Rousey vs. Davis Results: Winner, Recap and Analysis

Mike ChiariFeatured ColumnistJuly 5, 2014

Feb 22, 2014; Las Vegas, NV, USA; UFC women's bantamweight champion Ronda Rousey answers questions from reporters after defending her title against Sara McMann in the first round of the main event of UFC 170 at Mandalay Bay.  Mandatory Credit: Stephen R. Sylvanie-USA TODAY Sports

Ronda Rousey once again proved to be the class of women's MMA Saturday night at UFC 175, as she defeated Alexis Davis to retain the UFC Women's Bantamweight Championship for the fourth time.

And it didn't even take her 20 seconds. As soon as the bell rang, Rousey wasted no time in judo tossing Davis to the mat and finishing her in 16 seconds. MMA Fighting's Ariel Helwani tweeted the result:

With the victory, Rousey is a perfect 10-0 with no real signs of slowing down. Davis was riding a five-fight winning streak of her own entering the bout, but Rousey was clinical as usual and strengthened her standing atop the sport.

At this point, perhaps the only thing that can slow her down is herself. According to UFC on Fox, Rousey intends to take a hiatus from UFC in the wake of her latest triumph:

As vicious as Saturday's fight was, there was certainly mutual respect between the two combatants. Rousey has done a lot to bring women's MMA to the mainstream due to her dominance in the Octagon and her success in other realms. Per Kevin Iole of Yahoo Sports, Davis is grateful for Rousey's contributions in that regard:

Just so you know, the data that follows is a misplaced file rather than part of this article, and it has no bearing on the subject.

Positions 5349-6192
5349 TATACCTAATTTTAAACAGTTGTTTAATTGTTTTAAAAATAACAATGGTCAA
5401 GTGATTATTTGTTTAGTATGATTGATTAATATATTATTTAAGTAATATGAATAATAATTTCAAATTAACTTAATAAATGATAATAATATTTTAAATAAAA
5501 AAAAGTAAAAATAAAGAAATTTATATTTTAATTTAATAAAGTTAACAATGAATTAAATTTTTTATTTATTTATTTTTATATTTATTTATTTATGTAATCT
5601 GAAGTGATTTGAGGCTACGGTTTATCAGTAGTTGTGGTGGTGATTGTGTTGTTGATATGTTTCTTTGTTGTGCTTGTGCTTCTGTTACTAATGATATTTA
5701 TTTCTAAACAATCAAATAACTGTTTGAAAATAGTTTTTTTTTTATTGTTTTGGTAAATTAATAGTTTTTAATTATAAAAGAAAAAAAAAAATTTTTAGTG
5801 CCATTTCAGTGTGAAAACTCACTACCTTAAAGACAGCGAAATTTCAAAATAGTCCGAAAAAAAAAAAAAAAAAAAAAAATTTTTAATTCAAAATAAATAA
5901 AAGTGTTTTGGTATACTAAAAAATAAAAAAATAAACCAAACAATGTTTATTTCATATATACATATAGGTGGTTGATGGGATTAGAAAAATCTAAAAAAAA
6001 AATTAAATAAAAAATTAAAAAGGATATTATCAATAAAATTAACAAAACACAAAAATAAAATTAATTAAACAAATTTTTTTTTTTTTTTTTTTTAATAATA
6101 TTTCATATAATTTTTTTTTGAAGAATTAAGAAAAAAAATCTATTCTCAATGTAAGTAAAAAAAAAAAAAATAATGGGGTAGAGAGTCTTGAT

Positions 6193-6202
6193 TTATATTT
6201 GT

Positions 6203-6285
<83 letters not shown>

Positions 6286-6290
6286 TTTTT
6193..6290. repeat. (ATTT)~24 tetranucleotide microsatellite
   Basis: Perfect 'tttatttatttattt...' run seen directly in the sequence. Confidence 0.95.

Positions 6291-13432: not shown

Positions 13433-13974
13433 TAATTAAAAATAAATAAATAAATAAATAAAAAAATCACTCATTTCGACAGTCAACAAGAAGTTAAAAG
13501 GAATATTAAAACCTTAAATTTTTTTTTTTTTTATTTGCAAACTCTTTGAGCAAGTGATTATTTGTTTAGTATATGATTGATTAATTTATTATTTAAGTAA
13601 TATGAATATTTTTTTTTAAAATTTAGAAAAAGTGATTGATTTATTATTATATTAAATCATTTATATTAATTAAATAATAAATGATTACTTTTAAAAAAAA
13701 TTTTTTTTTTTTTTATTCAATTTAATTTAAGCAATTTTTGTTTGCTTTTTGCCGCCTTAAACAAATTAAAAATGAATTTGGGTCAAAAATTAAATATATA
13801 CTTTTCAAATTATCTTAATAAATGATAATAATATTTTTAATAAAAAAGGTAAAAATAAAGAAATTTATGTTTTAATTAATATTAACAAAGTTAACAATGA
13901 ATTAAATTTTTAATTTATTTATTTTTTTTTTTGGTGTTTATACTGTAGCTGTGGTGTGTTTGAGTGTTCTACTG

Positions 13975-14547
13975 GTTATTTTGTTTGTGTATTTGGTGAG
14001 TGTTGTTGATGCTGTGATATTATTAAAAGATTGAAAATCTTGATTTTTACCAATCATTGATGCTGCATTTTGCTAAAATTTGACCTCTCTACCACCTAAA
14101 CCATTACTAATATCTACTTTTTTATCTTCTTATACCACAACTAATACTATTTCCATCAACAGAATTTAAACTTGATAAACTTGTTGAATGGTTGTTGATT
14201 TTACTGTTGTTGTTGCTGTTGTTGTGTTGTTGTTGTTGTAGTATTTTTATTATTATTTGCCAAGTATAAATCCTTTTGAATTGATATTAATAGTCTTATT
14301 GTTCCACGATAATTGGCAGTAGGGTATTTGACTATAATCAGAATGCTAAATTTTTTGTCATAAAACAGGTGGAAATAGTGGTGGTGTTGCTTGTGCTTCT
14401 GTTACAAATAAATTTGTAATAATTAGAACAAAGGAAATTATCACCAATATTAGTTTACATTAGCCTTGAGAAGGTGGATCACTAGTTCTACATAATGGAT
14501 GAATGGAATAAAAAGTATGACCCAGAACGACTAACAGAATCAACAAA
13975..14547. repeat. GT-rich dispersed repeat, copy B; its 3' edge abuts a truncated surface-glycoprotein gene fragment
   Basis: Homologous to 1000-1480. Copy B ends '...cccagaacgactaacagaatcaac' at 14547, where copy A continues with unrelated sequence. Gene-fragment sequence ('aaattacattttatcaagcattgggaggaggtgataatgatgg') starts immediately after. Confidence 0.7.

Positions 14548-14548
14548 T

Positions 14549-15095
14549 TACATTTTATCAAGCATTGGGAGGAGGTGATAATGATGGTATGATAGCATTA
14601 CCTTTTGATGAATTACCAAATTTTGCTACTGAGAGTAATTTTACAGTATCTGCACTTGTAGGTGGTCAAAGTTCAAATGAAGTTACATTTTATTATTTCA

Ronda is great for this sport and for women's athletes in general. She's a very talented person and it's great that she's been able to not only do all of these movies, but to bring attention not only to herself but to women's fighting. She's helped all of us because she's helped (the media) understand how good these athletes are.

Rousey reciprocated kind words leading up to the fight. She has already faced many of the biggest names in women's MMA, but she lauded Davis for her preparation and overall skill set, according to Fighters Only:

Despite the challenges that Davis posed, Rousey was ultimately able to come out on top as she had each and every time prior. With Rousey continuing to dominate all comers, one can't help but wonder what needs to be done in order to provide a true challenge.

When push comes to shove, no one might be able to push Rousey to the limits in a UFC fight. She's an Olympic bronze medalist in judo and well-schooled in other forms of fighting as well. In fact, Rousey recently made a controversial statement regarding her ability to potentially adapt to jiu-jitsu, per via Damon Martin on Fox Sports' The Great MMA Debate podcast.

One thing that I couldn't stand when I was just watching MMA and coming from Judo was all these people talking about how the Jiu Jitsu people would beat any Judo player. It was such a stereotype that I thought, and still think, that I could beat any girl in the world, any weight division, gi or no-gi, black belt and in any rule set they want, in just pure Jiu Jitsu.

Rousey has conquered everything she has put her mind to thus far, so it would be quite interesting to see how she would fare in such a scenario. Rousey has become such a massive draw for the UFC, though, that one can only assume she will be with the company for a long time to come.

Even if she continues to mow down the competition, there is still plenty of appeal. In many ways, her run is reminiscent of what Mike Tyson did in boxing during the mid-to-late 1980s.

Although nobody offered up much resistance against Tyson during that period, boxing fans were riveted and wanted to see him turn aside challenger after challenger in dominant fashion.

That is what Rousey has done to this point, and all signs point toward her continuing to do it in the immediate future. The fact that she has increased the popularity of women's MMA may ultimately breed bigger and better challenges down the line, but Rousey is still the queen of the sport for now.

Based on her performance at UFC 175, she doesn't plan on surrendering her throne anytime soon.


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